A lawyer for LIV Golf has made a startling admission in federal court that contradicts previous statements about contracts signed by players in the Saudi-backed series.
During a court hearing on behalf of three LIV Golf stars trying to stop the PGA Tour from banning them playing in the FedEx Cup playoffs starting this week, a lawyer for the players reportedly mentioned that money won in LIV tournaments is “recouped against the LIV contracts.”
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Australia's Matt Jones, Talor Gooch, and Hudson Swafford challenged the PGA Tour's decision to ban them from competing in the season-ending FedEx Cup playoffs, after all three had joined the Saudi-backed rebel series.
The three suspended golfers were seeking a temporary restraining order so they could play in the FedEx Cup playoffs but the motion was denied by US District Judge Beth Labson Freeman.
The judge said she didn’t consider the golfers faced irreparable harm because of the big money they were guaranteed by joining LIV, which a key issue in the case.
“There simply is no irreparable harm in this case,” PGA Tour attorney Elliot Peters said.
That guaranteed money is also now under the spotlight after an admission from a LIV lawyer that prizemoney on offer in tournaments is counted against some players' signing-on fees.
Many of the top players who defected from the PGA Tour were paid large sums of money up front by LIV, with some players' earnings from the lucrative LIV events recouped from their contracts.
It means that in the case of some players, it would not matter if they finish last in LIV Golf events because they've already been guaranteed considerable sums of money.
Whoa, bombshell! Plaintiff's lawyer just let slip that LIV players' earnings are counted against their upfront money. This shall be explored further at a later date.
— Fire Pit Collective (@firepitstories) August 9, 2022
The LIV lawyer just said that the money won in tournaments is "recouped against the LIV contracts".
— Rick Gehman (@RickRunGood) August 9, 2022
The LIV lawyer did stress that each player's contract is different, meaning while not all earnings are recouped from contracts, some definitely are.
The stunning revelation contradicts previous assertions from LIV Golf after Golf Channel analyst Brandel Chamblee and others first put it to the organisation that players didn’t make additional money from winning events.
Brooks Koepka said "I don’t know" when asked at a LIV press conference in Portland whether a player’s winnings come out of their signing bonus.
It prompted an intervention from a LIV spokesperson at the end of the interview to deny that prizemoney counted against their contracts.
“I just wanted to address [the] question earlier when you were asking about the prize purses and if they are in addition to the contracts,” the spokesperson said.
“The prize purses are in addition to. There is no draw at LIV Golf on any finances,” she said.
“We just wanted to, on the record, it’s in addition to. And while you guys have, this is your first event, but you should know that from your contracts. You can attest to it. Thank you guys.”
LIV goes on the record to refute what Brandel (and others have) insinuated about prize money being a draw against player contracts. pic.twitter.com/KljRYu8h2x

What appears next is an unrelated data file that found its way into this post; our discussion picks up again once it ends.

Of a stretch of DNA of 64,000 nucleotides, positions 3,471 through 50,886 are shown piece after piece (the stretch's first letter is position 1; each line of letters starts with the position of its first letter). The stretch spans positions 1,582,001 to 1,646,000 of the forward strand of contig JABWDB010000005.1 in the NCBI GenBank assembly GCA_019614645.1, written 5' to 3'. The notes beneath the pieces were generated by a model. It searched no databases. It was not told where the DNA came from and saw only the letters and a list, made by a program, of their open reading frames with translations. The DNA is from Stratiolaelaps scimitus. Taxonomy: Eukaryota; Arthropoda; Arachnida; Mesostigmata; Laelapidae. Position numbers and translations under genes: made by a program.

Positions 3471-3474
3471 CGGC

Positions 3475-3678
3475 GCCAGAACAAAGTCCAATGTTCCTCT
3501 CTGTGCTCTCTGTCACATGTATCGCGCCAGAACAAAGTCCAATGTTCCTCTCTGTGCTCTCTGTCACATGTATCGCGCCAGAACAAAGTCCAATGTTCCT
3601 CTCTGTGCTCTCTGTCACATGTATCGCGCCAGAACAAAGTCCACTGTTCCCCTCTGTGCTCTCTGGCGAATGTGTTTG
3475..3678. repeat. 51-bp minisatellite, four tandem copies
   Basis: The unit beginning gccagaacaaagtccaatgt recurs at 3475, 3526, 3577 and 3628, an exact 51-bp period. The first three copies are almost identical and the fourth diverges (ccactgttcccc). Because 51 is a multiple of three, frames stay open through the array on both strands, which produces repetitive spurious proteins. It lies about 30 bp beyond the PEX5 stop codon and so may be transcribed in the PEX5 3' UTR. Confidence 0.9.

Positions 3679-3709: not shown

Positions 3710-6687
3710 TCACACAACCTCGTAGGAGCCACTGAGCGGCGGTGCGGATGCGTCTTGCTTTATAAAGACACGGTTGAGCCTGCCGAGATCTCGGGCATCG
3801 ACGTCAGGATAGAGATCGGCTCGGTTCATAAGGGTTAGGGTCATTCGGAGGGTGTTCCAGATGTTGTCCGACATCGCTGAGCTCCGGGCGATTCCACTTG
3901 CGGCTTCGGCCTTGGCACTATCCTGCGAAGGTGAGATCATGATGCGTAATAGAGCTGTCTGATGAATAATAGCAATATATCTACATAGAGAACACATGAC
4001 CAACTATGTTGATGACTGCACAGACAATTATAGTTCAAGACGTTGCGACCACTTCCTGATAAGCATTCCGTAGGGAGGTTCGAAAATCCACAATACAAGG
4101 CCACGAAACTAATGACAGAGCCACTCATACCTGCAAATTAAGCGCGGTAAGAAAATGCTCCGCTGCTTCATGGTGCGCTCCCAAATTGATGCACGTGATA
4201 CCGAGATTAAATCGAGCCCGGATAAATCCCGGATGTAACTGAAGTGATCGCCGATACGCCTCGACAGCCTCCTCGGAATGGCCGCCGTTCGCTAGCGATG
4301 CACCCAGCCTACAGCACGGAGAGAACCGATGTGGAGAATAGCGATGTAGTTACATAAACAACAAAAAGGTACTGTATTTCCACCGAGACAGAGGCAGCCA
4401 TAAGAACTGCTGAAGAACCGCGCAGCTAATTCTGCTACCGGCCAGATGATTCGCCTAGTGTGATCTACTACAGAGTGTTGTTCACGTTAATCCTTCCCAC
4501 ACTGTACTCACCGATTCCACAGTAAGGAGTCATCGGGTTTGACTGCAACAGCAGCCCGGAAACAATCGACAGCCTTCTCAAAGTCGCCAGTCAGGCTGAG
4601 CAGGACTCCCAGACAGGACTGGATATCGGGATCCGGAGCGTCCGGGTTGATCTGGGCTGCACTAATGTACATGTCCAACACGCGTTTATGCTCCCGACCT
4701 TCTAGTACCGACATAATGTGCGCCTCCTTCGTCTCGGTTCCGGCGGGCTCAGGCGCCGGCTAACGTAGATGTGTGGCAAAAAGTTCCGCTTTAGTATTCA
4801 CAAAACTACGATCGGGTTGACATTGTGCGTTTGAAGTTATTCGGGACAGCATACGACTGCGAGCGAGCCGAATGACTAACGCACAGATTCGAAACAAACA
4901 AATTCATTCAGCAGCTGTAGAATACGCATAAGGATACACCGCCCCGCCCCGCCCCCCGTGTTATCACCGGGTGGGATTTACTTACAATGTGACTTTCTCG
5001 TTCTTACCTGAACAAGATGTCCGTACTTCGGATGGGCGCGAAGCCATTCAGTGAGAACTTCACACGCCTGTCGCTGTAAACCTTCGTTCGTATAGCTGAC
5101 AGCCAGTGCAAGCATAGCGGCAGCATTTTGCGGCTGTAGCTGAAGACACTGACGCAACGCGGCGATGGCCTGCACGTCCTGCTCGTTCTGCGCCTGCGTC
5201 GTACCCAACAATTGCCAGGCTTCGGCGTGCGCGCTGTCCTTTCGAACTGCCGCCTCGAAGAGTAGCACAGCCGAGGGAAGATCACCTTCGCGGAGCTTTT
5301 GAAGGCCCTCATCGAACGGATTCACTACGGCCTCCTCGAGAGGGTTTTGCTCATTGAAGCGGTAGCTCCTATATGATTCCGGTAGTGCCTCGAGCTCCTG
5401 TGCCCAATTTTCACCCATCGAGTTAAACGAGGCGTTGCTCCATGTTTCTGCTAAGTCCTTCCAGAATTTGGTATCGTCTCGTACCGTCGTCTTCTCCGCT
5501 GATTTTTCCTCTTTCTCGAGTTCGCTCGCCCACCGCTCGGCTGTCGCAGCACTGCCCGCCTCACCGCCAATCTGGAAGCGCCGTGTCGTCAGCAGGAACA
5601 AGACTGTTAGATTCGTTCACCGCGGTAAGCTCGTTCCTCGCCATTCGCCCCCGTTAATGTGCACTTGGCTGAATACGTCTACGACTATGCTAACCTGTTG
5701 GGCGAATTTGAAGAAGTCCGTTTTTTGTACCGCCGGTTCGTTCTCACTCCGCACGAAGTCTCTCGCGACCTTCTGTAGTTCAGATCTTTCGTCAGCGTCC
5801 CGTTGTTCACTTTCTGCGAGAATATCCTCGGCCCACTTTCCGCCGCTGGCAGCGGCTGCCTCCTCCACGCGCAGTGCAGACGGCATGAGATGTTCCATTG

— Kyle Porter (@KylePorterCBS) June 28, 2022
Judging on the admission from LIV's lawyer in court, this statement would not appear true for all players in the Saudi-backed series.
The three players who saw their PGA Tour bans upheld are among 10 players who filed an antitrust lawsuit against the PGA Tour last week — including Phil Mickelson.
Judge upholds PGA Tour bans for LIV players
Robert Walters, an antitrust litigator representing the golfers, noted this would be their opportunity on a big playoff stage, “effectively the Super Bowl of golf” because of its “significant income opportunities.”
Freeman responded that the LIV Tour earnings potential was also great and asked whether players might have been able to wait until the conclusion of the PGA Tour season to depart for the new tour.
Walters argued there were only 48 spots and they would have filled up according to LIV Golf CEO Greg Norman, to which Freeman said she agreed with that stance but that the golfers stood to gain far more financially joining LIV than the money they might have earned on the PGA Tour.
“This is an extraordinarily attractive financial opportunity but it’s much more than that,” Walters said, saying the harm done is that “players lose intangible benefits” such as qualifications for the major tournaments as well as other marquee invitationals.
“This is the holy grail because everybody wants to compete in and prevail in major championships, but it’s not just the majors,” Walters said. He noted that the PGA Tour inferred these golfers would put a “taint” or “stench” on the tour’s image by playing, perhaps even wearing LIV Tour gear in PGA Tour tournaments.
“We’re disappointed that Talor Gooch, Hudson Swafford and Matt Jones won’t be allowed to play golf. No one gains by banning golfers from playing," LIV Golf said in a statement.
The first of three FedEx Cup playoff events begins this week. Two tournaments offer $15 million prize funds, and the player who wins the FedEx Cup at East Lake in Atlanta gets $18 million — thus the urgency for Freeman to rule. This case could go to trial next year, with the possibility of an injunction hearing in late September or early October.
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